The recent string of ransomware attacks on hospitals only validates The Institute for Critical Infrastructure Technology’s recently published research suggesting that ransomware is becoming increasingly common in healthcare organizations. MedStar Health could be the latest hospital victim to a ransomware attack, although its officials have not confirmed or denied this claim. But what exactly is ransomware, and is there anything hospitals can do to prevent an attack?
What is ransomware?
Ransomware is a form of malicious software (malware) that blocks hospital staff from their own data, by accessing and encrypting their files. It then demands payment to restore the data typically through Bitcoin, a cyber currency that is extremely difficult to trace. The most common ransomware programs are spread through spam email campaigns disguised as invoices.
Why are hospitals a target?
Hospitals are progressively becoming a major target for cyber criminals because they are very likely to store highly sensitive information on older systems, so they often lack the latest security features, such as strong spam email filters, and require a more difficult process to back up information. Cyber criminals also know hospitals are more able to pay, and have an urgent need to regain access to their data.
What hospitals have been affected?
Recently, Hollywood Presbyterian Medical Center paid $17,000 to get back their access to information. Two other hospitals in southern California were also attacked, but technology specialists were able to make sure no data was compromised and nothing was paid. Similarly, Methodist Hospital in Kentucky was also hit recently, but were successful in fending it off without payment to cybercriminals.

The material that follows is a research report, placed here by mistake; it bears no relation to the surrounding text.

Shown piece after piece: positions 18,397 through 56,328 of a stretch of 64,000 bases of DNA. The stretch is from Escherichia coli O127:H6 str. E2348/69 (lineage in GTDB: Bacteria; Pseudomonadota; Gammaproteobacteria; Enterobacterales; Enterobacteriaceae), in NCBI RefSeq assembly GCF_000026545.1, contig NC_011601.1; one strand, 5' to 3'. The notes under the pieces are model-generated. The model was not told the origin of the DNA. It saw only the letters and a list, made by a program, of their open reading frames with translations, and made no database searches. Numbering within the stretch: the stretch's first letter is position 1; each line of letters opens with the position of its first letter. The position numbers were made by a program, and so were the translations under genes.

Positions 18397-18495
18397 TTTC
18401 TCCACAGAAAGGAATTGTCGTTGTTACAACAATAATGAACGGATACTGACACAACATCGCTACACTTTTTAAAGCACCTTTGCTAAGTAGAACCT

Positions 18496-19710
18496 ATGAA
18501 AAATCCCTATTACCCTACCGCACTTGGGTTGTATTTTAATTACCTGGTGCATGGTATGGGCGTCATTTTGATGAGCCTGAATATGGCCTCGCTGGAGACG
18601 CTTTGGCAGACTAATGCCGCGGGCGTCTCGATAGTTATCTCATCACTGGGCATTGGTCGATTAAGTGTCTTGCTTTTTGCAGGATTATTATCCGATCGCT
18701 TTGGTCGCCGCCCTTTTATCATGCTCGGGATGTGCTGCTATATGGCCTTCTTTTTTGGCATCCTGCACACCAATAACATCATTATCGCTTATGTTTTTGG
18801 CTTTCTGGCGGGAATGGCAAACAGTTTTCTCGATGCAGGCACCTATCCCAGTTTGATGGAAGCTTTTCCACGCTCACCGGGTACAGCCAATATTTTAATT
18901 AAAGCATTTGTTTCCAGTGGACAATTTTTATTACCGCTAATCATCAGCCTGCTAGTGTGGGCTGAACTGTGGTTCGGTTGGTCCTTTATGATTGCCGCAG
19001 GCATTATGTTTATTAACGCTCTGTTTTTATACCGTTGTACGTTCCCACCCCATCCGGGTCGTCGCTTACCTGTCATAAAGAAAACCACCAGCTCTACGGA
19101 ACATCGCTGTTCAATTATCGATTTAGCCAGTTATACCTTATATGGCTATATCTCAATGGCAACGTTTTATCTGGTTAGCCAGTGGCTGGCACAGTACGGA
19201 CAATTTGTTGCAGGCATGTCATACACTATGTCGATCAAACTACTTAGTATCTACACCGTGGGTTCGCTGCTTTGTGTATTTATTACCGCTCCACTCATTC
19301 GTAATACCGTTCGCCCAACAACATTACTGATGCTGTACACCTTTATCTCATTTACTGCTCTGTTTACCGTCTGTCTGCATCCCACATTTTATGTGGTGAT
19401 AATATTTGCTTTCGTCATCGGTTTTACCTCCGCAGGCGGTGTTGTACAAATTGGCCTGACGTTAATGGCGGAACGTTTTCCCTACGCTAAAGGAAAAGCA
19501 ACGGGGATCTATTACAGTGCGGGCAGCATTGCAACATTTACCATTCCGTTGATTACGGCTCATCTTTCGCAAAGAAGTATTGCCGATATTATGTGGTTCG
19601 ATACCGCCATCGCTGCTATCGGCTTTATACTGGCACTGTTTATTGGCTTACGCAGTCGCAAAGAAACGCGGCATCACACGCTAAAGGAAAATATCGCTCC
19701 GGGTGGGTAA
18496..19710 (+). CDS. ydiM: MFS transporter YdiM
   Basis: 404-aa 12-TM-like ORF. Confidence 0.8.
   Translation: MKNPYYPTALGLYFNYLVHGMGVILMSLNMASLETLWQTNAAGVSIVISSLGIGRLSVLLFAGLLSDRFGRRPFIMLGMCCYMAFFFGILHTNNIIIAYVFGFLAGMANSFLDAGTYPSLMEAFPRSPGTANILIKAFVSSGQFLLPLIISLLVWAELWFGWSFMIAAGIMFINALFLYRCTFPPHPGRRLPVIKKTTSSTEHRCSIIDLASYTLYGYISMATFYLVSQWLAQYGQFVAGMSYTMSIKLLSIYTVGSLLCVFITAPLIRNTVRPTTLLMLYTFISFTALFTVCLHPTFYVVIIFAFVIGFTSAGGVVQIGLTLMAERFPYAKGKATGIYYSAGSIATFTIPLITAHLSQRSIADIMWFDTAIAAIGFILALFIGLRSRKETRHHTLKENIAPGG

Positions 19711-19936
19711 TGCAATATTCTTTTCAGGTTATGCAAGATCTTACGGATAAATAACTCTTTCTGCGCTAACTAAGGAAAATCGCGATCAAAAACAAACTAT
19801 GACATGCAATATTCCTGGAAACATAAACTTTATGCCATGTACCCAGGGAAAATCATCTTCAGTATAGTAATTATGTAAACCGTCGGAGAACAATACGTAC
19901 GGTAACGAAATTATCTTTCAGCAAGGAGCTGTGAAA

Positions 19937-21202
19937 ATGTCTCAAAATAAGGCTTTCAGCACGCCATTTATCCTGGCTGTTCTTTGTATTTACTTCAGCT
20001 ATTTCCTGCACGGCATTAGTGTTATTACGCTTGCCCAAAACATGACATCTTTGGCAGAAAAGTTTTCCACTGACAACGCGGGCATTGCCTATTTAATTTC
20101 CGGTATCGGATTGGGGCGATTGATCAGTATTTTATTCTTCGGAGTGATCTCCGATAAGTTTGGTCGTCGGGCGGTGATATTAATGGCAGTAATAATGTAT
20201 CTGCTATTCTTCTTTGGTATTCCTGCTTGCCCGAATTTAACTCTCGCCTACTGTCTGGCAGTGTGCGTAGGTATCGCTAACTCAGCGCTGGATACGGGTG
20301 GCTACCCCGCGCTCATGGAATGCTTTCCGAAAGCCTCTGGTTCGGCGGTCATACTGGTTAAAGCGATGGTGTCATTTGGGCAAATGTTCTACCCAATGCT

While $17,000 may seem like a relatively small amount of money, cybersecurity experts suggest not paying the ransom because without the ransom, these cyber criminals will be out of business. There is also no guarantee that the hackers won’t attempt to install the malware again.
How are hospitals protecting themselves?
Employees are usually the main target for cyber criminals because they have direct access to health system information and use hospital computers daily. Bad habits – including opening suspicious emails and not taking the initiative to keep their own personal devices secure – can open the door to potential cyber threats.
Experts recommend employee education and awareness programs to help staff understand how the attacks work and how to stop, or at least not fall for them. Additionally, hospitals should frequently back up their data so hard drives can be easily wiped and restored to their previous states.
Ransomware has existed for a couple years now, but only recently hit the United States. Because of HIPAA laws, hospitals have been working hard to keep hackers from stealing patient data, not holding it hostage. Crazy, right?
Prior to my arrival in sunny Orlando, Florida, I was on a flight from Detroit, Michigan that required my plane to get de-iced before takeoff. It was 20 degrees at 5AM in Ann Arbor, and 5 hours later, I was in 80 degree weather. During the conference, I’d walk outside during breaks and soak up some Vitamin D. Thank you Greystone for picking warm locations for this annual conference.
#1 Least favorite memory: It was freezing indoors. The conference rooms were set to polar vortex temperatures.
#2. Larry Bailin’s keynote speech
I was a tweeting machine during Larry Bailin’s keynote speech. Everything that came out of his mouth was so insightful and incredibly important. Some of my favorite quotes were:
“What you can and cannot afford should never determine what you should do (in marketing)” – @LarryBailin#hcic15 Word.
#2 Least favorite memory: Realizing his mammo-grahams recipe included potatoes and peanut butter. That was as unappetizing as the idea of getting a mammogram.)
#3. Watching the KLM lost & found beagle video
During Jay Baer’s keynote “Hug Your Haters,” Jay showed examples of good and bad responses to angry customers on social media. One of the “good” examples presented was about KLM Royal Dutch Airlines. The airline uses information such as seat numbers, phone numbers and social media details to reunited passengers with their left-behind belongings. Oh, and there’s Sherlock too: